said, “That sounds nice,”

then walked back toward our room,

carrying my plastic bucket.

                           A jet cast its line down to me, wanting

                           to reel me up

with speculations of other

possibilities. I shook them off. Slammed

our rented door

shut. We

                           had sex like porn stars, until I hurt

and cried out for you to


Afterwards, you

left before I did,

leaving             my body

as evidence. I held

my face in the hot

shower spray,

splayed             my hand

in your print, convincing


                          of home.

Sitting in the Parking Lot
of Wegmans Crying Over My Imaginary Breast Cancer Diagnosis

that I have been waiting for since I was nine years old. Now,

my youngest that age, and I can barely hold

my breath long enough for the mammogram tech to say

stay still, you can breathe later. I’ve had enough

scares to be nonchalant, but something about how

that letter was phrased, a casual washing

of hands, we recommend an MRI but find out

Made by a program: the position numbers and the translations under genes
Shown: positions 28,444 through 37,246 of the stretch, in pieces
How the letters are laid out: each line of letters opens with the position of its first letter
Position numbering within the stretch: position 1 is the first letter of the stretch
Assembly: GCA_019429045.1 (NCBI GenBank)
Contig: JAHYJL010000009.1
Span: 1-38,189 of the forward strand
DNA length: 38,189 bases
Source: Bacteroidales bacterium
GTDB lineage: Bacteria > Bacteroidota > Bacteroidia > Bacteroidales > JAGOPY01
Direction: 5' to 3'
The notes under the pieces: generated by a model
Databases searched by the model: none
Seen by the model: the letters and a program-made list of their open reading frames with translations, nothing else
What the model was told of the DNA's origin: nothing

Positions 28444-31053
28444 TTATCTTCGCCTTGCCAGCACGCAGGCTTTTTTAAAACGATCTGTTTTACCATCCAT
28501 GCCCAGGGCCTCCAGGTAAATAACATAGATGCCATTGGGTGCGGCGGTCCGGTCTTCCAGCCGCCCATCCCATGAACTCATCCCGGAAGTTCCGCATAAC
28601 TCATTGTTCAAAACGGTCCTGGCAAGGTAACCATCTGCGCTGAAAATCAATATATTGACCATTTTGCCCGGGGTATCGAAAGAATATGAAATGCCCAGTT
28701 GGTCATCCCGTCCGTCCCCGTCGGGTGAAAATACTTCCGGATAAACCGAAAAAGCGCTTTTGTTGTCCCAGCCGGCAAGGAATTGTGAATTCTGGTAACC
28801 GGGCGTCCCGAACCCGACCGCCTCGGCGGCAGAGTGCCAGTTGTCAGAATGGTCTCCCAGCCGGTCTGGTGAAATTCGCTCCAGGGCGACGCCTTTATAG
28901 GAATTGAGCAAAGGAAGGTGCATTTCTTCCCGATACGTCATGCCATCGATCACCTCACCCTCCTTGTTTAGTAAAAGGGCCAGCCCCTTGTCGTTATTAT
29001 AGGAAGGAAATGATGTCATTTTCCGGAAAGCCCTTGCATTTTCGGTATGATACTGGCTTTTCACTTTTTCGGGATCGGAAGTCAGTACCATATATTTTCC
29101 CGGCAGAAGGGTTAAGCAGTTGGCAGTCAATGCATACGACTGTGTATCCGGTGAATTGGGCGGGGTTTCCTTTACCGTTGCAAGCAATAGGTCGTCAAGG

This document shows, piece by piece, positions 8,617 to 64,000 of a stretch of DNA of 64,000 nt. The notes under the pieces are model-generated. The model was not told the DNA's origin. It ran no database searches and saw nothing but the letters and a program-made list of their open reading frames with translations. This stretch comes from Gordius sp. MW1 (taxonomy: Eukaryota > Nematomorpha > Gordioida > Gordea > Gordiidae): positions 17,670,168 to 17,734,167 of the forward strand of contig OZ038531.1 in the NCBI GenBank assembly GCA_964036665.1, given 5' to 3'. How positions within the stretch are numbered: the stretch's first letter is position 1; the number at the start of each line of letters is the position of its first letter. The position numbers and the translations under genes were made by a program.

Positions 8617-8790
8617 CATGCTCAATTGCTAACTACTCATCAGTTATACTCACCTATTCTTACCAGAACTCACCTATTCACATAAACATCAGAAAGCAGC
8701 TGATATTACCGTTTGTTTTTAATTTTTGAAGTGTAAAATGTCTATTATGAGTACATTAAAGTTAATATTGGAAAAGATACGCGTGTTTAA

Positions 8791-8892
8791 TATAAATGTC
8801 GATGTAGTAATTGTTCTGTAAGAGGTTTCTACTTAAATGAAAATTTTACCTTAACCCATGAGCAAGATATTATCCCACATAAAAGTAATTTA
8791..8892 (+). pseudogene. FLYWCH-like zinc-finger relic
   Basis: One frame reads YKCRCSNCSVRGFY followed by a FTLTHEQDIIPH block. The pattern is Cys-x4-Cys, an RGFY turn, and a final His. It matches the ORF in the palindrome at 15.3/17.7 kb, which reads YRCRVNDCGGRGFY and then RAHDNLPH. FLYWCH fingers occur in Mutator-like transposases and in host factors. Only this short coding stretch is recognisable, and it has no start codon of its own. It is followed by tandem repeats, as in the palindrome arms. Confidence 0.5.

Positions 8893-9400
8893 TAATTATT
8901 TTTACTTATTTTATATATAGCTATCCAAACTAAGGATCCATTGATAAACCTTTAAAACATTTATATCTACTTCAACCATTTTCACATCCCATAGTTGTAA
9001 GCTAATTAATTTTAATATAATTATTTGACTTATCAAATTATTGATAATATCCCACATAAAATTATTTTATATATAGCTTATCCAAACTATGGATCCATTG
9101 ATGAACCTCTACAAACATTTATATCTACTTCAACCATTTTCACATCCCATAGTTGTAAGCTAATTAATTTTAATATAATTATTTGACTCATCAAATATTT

first, if your insurance covers it. So, I call—punch

numbers until a young man who sounds nice, like he might

live with his grandmother, kiss her cheek before getting

in his dented Camry and heading to work. He gets on

and says this call may be monitored for training purposes

and I’m just satisfied I’ve found a human voice, as I try to explain

my noncondition and he says that what I need to do is find

the procedure code, but he’ll warn me it’s likely not considered

preventative, even though the letter said no reason

for concern, enough dense tissue for radiologists to throw

their hands up, like saying don’t blame us if there’s a landmine

hereyou’re too thick to see clearly. Go back in time,

your aunt’s black hair making silky carpets over heartpine.